Reinforcing Your Loft or Bunk Beds for Safety
Welcome back to our DIY Ideas series on making loft or bunk bed storage with the help of some ready to assemble cabinets! If you’re just joining us, you should head back to Part 1 to catch up on earlier steps including:
- Measuring the wall
- Figuring out your final layout
- Cabinet assembly
- Constructing the base frames for your cabinets
Once you’re caught up and ready to continue, we’ll dive in to our next steps. This installment will cover reinforcing our cabinets and installation so that the final build for our project is stable and strong.
5. Reinforcing the Interiors of Your Cabinets
When cabinets (whether custom or RTA) are tasked with supporting additional weight, they should be reinforced. Consider that this is a de facto standard for, for example, concrete countertops–and those don’t even have to support people. The last thing that you want is to chance either destruction of what your cabinets are storing or a failure of the bed supports leading to serious injury.
In part 1 of the series, we walked through the creation of frames to support the bottoms of our base cabinets. That is a start, but we want to get the cabinet interiors reinforced with lengths of lumber as well in order to provide adequate support for all potential weight they might bear.
Note: Most RTA cabinets you find online will be constructed using ½” panels–fine for a lot of installs, but not so much when these are meant to assist in bearing loads above them. Some RTA cabinets are built with a ⅝” plywood box, providing a boost in supporting material. These should be your go-to for a project like this.
First thing you’ll want to do is measure the cabinet interiors with your measuring tape. Following that, utilize your hand saw to cut to length two strips of 2×4” lumber.
Position one of the two cuts that you made along the rear center of the cabinet interior, placing it in the exact middle using your measuring tape. Secure it using either a nail gun or your drill and some 3” wood screws. Follow this process again for the front of the cabinet.
You should also reinforce the width of the interior using 2×2” lumber, but after the cabinet shelves have been notched and fitted into place.
6. Add Aesthetic Fascia to Front-Facing Reinforcements
This step is a cosmetic one, but virtually no DIYer would want to skip it. A fascia cut to size for your cabinet fronts can provide a completely seamless appearance between them. You will want to paint it the same color as your cabinet exteriors for optimal blending.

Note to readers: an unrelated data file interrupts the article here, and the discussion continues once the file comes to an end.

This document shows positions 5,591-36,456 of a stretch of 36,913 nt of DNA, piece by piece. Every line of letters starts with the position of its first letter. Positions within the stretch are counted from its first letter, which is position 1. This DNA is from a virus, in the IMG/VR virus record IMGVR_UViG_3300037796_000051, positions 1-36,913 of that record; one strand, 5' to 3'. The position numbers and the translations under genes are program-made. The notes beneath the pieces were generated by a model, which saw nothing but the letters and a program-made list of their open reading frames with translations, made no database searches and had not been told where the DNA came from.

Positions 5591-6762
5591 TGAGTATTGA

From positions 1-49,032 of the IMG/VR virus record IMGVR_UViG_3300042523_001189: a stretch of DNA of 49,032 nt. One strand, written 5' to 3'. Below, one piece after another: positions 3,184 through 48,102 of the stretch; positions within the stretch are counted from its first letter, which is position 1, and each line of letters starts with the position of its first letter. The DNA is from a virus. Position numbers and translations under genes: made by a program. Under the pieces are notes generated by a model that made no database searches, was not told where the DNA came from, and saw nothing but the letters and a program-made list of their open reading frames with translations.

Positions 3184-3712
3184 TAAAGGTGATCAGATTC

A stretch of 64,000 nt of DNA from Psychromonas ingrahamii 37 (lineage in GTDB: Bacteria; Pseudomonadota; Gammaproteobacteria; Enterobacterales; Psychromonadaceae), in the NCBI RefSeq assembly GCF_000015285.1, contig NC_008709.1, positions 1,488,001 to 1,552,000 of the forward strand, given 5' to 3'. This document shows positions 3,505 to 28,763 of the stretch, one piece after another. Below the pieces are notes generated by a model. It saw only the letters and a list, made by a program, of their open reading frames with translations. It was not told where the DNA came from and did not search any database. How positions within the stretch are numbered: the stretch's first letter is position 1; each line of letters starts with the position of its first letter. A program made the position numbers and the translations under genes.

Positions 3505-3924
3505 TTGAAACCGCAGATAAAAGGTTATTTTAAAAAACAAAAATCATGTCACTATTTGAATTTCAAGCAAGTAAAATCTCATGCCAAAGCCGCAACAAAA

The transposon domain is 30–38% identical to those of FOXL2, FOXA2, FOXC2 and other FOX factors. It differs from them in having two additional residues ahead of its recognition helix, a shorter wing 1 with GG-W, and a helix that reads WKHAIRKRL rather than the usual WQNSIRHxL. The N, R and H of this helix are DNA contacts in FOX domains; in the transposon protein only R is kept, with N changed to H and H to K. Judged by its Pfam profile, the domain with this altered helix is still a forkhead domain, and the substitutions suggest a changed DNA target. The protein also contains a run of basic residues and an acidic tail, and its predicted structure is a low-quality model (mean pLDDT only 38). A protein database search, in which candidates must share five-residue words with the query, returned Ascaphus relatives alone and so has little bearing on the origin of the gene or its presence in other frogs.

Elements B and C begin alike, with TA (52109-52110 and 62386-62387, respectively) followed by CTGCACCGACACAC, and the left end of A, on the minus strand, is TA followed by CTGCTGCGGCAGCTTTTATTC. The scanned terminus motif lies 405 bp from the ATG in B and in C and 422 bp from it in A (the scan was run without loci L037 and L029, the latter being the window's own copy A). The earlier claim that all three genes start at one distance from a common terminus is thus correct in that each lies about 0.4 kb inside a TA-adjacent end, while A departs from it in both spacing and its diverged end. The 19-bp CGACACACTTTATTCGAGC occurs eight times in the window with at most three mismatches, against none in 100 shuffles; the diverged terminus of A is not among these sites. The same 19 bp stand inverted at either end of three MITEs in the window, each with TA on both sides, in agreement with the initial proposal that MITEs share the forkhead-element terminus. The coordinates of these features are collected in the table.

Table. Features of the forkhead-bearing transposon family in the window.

Utilize your tape measure to mark off an 8×4’ plywood sheet of ¾” paint-grade plywood to size (should fit the length of your center front 2×4” reinforcement strip). Cut with a circular or table saw, then paint to match your cabinet fronts. Add wood glue along the front of your center front reinforcement strip, then insert your fascia over it.
Finally, secure the fascia with a nail gun and brads, or your drill and some 3” wood screws, down through the top of the cabinet.
7. Notch Your Shelves to Fit the Custom Reinforcements
Since we have added custom reinforcements, our cabinet interiors have become an alien space for the shelving designed for the RTA boxes. We need to ensure that the shelves will still fit flush and securely in the cabinets, and this calls for cutting out space for them to accommodate the reinforcements we’ve added.
With your tape measure, locate the center point on your shelf and mark along the front edge with a pencil. Center a scrap piece matching your 2×4” center front reinforcement in front of this mark and trace its width using your pencil plus a speed square.
Place your shelf on your table saw and cut your perpendicular lines in. Follow this up with a final cut using your jigsaw.
8. Install Shelves Within Cabinets
To ensure a completely level installation, use (you guessed it!) your tape measure to verify your hole pegs for shelves will be placed appropriately. Slide your shelves into the cabinet interior and rest on your pegs.
We will want to support the shelf’s center (from front to back) using a bit of lumber. Using your existing measurements for the depth, cut an 8’ strip of 2×2” lumber to length with your hand saw. Place this length of wood directly beneath your shelf; at each end it should be butting against the reinforcement strips you created. Use wood glue to secure it to the bottom of your shelf, and then use your drill and 3” wood screws to secure it to the rear and front reinforcement strips.
Picking Up Next Time
We’re getting there! Our cabinets have been customized and reinforced, and we’re ready for more of the superstructure. In our next (and final installment which you can find here), we’ll discuss:
- Creating your wall braces for the overall structure
- Creating supports for the bed frames
- Installation of your base and lower cabinets
- Constructing your bed frames and installation of open shelves
- Installation of your upper cabinets
- Painting your bed fascia, plus installing needed safety rails for the bed
- Finishing touches (Door fronts and minor hardware)